[Interest] notarizing builds for Mac - enabling hardened runtime
elvstone at gmail.com
Wed Jul 10 13:55:04 CEST 2019
Den ons 10 juli 2019 kl 13:20 skrev Andy <asmaloney at gmail.com>:
> It sounds like not signing at all is still an option?
Yes, I guess not signing our builds (except releases), and asking
testers to use Ctrl-click + "Open" instead of double-clicking, is what
we'll do as a workaround, if it turns out there's no way for a user to
launch a signed build without it being notarized.
It's just a bit of awkward, I sort of liked how we had set up our CI
so that every build is essentially built like it was a release (well,
with the exception of this notarization, which we only do on tagged
releases due to the time it takes).
> "Mac apps, installer packages, and kernel extensions that are signed with Developer ID must also be notarized by Apple in order to run on macOS Catalina."
> Apple has made this way too complicated to be useful IMHO.
Yes, and it doesn't help that the notarization process is rather slow.
Oh well, one only has to accept it.
> Andy Maloney // https://asmaloney.com
> twitter ~ @asmaloney
> On Wed, Jul 10, 2019 at 5:28 AM Elvis Stansvik <elvstone at gmail.com> wrote:
>> Den tis 9 juli 2019 kl 19:57 skrev Adam Light <aclight at gmail.com>:
>> > On Fri, Jun 21, 2019 at 12:13 AM Kai Köhne <Kai.Koehne at qt.io> wrote:
>> >> I understand that the "hardened runtime" enabling happens at codesign time,
>> >> so this should arguably be a feature of macdeployqt. It's not there yet though,
>> >> at least according to https://bugreports.qt.io/browse/QTBUG-71291 . If you're
>> >> right that this will become mandatory for macOS 10.15, it arguably get a higher
>> >> priority; feel free to comment, including a link to the source of this statement.
>> >> For the time being, it seems you've to execute the codesign call yourself.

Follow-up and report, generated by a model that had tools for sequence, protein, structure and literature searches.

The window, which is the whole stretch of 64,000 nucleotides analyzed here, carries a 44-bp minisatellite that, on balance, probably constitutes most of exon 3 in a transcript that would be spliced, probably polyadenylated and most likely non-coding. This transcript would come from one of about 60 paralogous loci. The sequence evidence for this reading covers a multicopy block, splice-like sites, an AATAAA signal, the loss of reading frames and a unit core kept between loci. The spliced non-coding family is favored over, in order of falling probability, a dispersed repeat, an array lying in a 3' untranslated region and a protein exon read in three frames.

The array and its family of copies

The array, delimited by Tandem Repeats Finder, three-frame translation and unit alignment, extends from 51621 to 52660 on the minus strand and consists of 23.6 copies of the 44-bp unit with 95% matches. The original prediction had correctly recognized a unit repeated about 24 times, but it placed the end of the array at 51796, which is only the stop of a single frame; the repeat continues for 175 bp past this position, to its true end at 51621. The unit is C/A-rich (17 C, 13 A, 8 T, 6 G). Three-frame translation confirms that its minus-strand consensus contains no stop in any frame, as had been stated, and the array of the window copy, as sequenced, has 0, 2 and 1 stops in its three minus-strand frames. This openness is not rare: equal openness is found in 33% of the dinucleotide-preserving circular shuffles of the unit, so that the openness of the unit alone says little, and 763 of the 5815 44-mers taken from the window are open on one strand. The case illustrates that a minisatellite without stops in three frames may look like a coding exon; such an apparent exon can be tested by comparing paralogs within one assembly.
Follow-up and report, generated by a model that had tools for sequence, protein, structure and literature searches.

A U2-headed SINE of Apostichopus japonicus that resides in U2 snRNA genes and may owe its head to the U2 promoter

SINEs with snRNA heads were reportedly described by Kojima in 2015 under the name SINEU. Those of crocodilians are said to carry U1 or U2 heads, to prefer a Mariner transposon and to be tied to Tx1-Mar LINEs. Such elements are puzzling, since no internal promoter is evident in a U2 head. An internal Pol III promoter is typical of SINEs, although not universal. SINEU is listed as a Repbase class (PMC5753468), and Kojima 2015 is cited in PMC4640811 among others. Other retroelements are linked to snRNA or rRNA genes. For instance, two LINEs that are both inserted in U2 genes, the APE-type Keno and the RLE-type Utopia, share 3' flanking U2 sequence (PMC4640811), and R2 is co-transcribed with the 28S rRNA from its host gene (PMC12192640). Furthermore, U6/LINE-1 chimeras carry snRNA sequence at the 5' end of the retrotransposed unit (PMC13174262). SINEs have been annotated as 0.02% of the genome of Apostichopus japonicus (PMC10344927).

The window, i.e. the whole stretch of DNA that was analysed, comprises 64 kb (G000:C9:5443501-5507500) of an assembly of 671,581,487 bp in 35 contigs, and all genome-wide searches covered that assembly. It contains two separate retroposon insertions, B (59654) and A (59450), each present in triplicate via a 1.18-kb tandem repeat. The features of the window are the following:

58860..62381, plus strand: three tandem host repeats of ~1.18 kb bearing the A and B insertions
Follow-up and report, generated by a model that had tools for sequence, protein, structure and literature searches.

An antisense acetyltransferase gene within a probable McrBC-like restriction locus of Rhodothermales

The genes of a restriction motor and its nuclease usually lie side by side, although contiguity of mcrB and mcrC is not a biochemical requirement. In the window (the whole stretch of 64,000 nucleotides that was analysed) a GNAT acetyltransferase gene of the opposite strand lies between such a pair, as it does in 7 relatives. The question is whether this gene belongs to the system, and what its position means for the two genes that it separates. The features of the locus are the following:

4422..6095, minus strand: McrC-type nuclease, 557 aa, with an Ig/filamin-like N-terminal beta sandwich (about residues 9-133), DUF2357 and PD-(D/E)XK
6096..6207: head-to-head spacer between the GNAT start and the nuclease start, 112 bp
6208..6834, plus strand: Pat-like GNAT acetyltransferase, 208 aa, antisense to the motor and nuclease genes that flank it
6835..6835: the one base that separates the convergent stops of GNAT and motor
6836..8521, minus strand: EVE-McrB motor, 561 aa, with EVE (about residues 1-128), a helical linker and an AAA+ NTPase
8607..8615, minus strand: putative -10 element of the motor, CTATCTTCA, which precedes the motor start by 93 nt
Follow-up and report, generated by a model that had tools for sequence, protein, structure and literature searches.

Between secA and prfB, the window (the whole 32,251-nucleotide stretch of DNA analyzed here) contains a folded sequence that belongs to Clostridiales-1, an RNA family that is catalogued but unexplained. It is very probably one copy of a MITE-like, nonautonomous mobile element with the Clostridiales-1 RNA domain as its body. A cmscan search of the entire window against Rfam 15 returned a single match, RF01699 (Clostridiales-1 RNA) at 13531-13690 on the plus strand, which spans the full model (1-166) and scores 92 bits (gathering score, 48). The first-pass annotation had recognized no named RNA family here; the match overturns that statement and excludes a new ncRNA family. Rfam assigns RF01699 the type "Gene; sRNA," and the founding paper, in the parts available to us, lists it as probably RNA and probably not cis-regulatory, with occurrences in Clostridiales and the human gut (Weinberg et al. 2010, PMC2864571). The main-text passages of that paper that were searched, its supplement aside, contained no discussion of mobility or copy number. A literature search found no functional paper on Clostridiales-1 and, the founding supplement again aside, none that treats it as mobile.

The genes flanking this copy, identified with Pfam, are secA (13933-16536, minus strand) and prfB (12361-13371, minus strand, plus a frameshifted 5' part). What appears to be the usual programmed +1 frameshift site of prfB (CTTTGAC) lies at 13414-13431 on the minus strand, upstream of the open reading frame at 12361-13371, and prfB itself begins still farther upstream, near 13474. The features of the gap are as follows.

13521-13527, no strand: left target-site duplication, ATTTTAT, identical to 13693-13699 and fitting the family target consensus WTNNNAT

>> > Notarization is a requirement for macOS 10.15 (Catalina, currently in beta). See https://developer.apple.com/news/?id=06032019i for an official source of this requirement. In one of the WWDC 2019 talks about security and code signing/notarization, they mentioned that this was true for applications built (or maybe it's signed) after some date in early June. For example, Qt 4.9.2, released June 26, 2019, will not run on Catalina beta 3 without knowing how to work around the notarization requirement.
>> With "work around" do you mean from the user POV (e.g. somehow
>> disabling Gatekeeper, or Ctrl+Open, or something else) or from a
>> developer POV (so, having to notarize)?
>> I'd like to know if there is some reasonably simple way for users to
>> get around the requirement. We will not be able to notarize every
>> build we do, because of the time it takes. But at the same time we,
>> and our testers, must be able to test random builds from Git (we build
>> a .dmg for every commit) to try out in-progress features/bug fixes...
>> So I really hope there will be some way for the user to get around the
>> notarization requirement.
>> > Note also that notarization is separate from hardened runtime. An application built with the 10.14 SDK or later must enable hardened runtime in order for it to be possible to notarize the application, but it is possible to notarize applications built with previous SDK versions for which hardened runtime did not exist.
>> > See my comment at https://bugreports.qt.io/browse/QTBUG-73398?focusedCommentId=468111&page=com.atlassian.jira.plugin.system.issuetabpanels%3Acomment-tabpanel#comment-468111 for some links that are particularly helpful in describing all of the complexities involved in notarization and hardened runtime.
>> > Adam
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